Hearty, filling, satisfying, and packed full of vegetables.
Add the soaked beans into a medium saucepan. Cover them with water and bring it to a boil. Remove any foam that forms. Reduce the heat to a bare simmer and cook the beans until tender. The time will vary depending on your own beans, but you are looking at approximately 45 minutes.
Place the tomatoes cut side up on a baking sheet. Add a little bit of olive oil and salt, and toss the tomatoes around until evenly coated. Roast the tomatoes at 400°F/205°C until slightly charred, about 25 minutes.
Heat the oil in a large saucepan. Add the onion and garlic and saute the aromatics until translucent, about 6-8 minutes. Add the jalapeno peppers and chili powder and saute until fragrant, about 2 minutes.
Add the celery and red bell pepper and continue stirring until softened. Chop up the roasted tomatoes and add them to the saucepan together with their juices.
Add the cooked beans, a little bit of the bean-cooking liquid (or vegetable broth), and tomato paste. Stir and season with salt. Let the chili simmer for 2-3 hours. If the chili becomes too thick, add some more vegetable broth. If it's too thin, add more tomato paste or mash some beans and vegetables to help the chili thicken up.
Serve immediately, or for best flavor, allow to cool and refrigerate overnight. Reheat, and serve with desired garnishes.
Store leftover chili covered in the refrigerator for 3-4 days. For longer term storage, freeze in an airtight container for up to 3 months. The easiest way to reheat the chili is to remove it from the freezer 24 hours before reheating and place it in the refrigerator to thaw slightly. Reheat on a stovetop, adding extra 1/4 cup vegetable broth to prevent it from scorching. Stir regularly as the chili heats up.
Clean the chili peppers: use a pair of kitchen scissors to cut the stem away and then shake or scrape the seeds from the inside of each pepper. Cut the peppers into smaller pieces before adding them to the pan to toast.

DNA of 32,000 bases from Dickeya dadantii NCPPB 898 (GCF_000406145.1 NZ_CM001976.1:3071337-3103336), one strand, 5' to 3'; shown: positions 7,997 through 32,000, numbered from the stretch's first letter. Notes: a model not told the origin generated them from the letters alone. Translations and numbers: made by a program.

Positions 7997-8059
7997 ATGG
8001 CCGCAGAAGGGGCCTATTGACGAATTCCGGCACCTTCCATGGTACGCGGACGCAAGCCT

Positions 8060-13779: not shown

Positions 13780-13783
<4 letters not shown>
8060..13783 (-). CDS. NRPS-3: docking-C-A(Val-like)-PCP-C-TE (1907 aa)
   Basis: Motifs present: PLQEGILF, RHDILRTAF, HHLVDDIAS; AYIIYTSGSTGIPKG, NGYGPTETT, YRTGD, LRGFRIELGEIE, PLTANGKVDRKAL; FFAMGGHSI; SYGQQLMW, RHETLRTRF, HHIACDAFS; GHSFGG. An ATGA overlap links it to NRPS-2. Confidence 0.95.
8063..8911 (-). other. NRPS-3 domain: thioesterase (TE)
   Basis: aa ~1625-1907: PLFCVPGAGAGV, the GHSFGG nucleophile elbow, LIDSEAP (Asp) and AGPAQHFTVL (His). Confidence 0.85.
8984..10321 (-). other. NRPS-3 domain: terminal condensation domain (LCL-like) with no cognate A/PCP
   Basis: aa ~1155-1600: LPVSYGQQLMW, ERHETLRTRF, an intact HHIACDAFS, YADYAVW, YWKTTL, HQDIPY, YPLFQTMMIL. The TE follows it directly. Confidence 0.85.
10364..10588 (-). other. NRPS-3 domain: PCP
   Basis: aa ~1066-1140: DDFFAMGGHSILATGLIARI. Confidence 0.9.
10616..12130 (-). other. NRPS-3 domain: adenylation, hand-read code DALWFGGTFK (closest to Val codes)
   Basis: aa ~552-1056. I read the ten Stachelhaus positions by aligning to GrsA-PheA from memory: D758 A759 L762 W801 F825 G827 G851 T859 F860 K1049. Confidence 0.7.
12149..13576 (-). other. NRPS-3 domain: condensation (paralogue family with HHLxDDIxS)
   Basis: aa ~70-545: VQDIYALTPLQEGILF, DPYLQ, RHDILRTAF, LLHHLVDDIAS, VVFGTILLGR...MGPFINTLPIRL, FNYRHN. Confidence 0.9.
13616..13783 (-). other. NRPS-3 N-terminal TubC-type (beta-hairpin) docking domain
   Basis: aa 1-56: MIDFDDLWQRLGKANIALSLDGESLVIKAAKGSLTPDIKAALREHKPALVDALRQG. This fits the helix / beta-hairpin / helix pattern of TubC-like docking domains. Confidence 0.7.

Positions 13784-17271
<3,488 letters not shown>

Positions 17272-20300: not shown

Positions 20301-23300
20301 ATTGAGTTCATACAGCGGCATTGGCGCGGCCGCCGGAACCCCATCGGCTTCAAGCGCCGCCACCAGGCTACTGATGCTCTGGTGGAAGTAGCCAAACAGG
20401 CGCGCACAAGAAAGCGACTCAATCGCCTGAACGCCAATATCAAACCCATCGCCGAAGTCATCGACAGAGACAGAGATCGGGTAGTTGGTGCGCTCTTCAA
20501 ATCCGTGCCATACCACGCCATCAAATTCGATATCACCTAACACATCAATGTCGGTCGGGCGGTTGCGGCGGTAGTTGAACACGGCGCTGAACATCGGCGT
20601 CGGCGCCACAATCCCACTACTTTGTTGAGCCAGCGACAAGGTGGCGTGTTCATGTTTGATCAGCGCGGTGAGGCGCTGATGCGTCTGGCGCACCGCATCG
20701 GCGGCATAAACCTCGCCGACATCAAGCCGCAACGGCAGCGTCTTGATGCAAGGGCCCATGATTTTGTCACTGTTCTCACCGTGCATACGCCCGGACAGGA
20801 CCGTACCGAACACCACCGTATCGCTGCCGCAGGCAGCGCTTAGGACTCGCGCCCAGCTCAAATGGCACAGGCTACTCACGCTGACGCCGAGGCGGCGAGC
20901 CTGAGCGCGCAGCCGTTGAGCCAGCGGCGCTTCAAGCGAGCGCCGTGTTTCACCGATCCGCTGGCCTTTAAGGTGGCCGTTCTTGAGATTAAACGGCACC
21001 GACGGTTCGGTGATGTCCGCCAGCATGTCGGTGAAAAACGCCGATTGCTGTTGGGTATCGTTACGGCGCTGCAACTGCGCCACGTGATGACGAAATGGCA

Toast the chilies and cumin in a medium cast iron skillet over medium-high heat. Move the pan around constantly, until you begin to smell the cumin, approximately 4-5 minutes. Set aside and cool completely.
Once cool, process the chiles, cumin, oregano, and smoked paprika in a blender. Leave the lid in place until any dust settles so you do not get a cloud of ground chili peppers in your face.
*3/4 cup dry black beans is equivalent to 1 (15 oz/425 g) can.
*1/2 cup dry kidney beans is equivalent to 1 (15 oz/425 g) can.
*1/2 cup dry pinto beans is equivalent to 1 (15 oz/425 g) can.
*Soak the beans for at least 8 hours (or overnight). To quick-soak, pour boiling hot water over the beans and soak for 1 hour, uncovered. Drain, rinse, and use as instructed.
**You can also use 1 (28 oz/794 g) can of fire-roasted tomatoes.
***If you're using dried beans, you can use the bean-cooking liquid instead of vegetable broth.
****The chili powder is on the spicier side, so add it in stages. If you use store-bought chili powder, 2 Tbsp./16 g should be fine.
*****The prep time does not include soaking the dried beans (8 hours).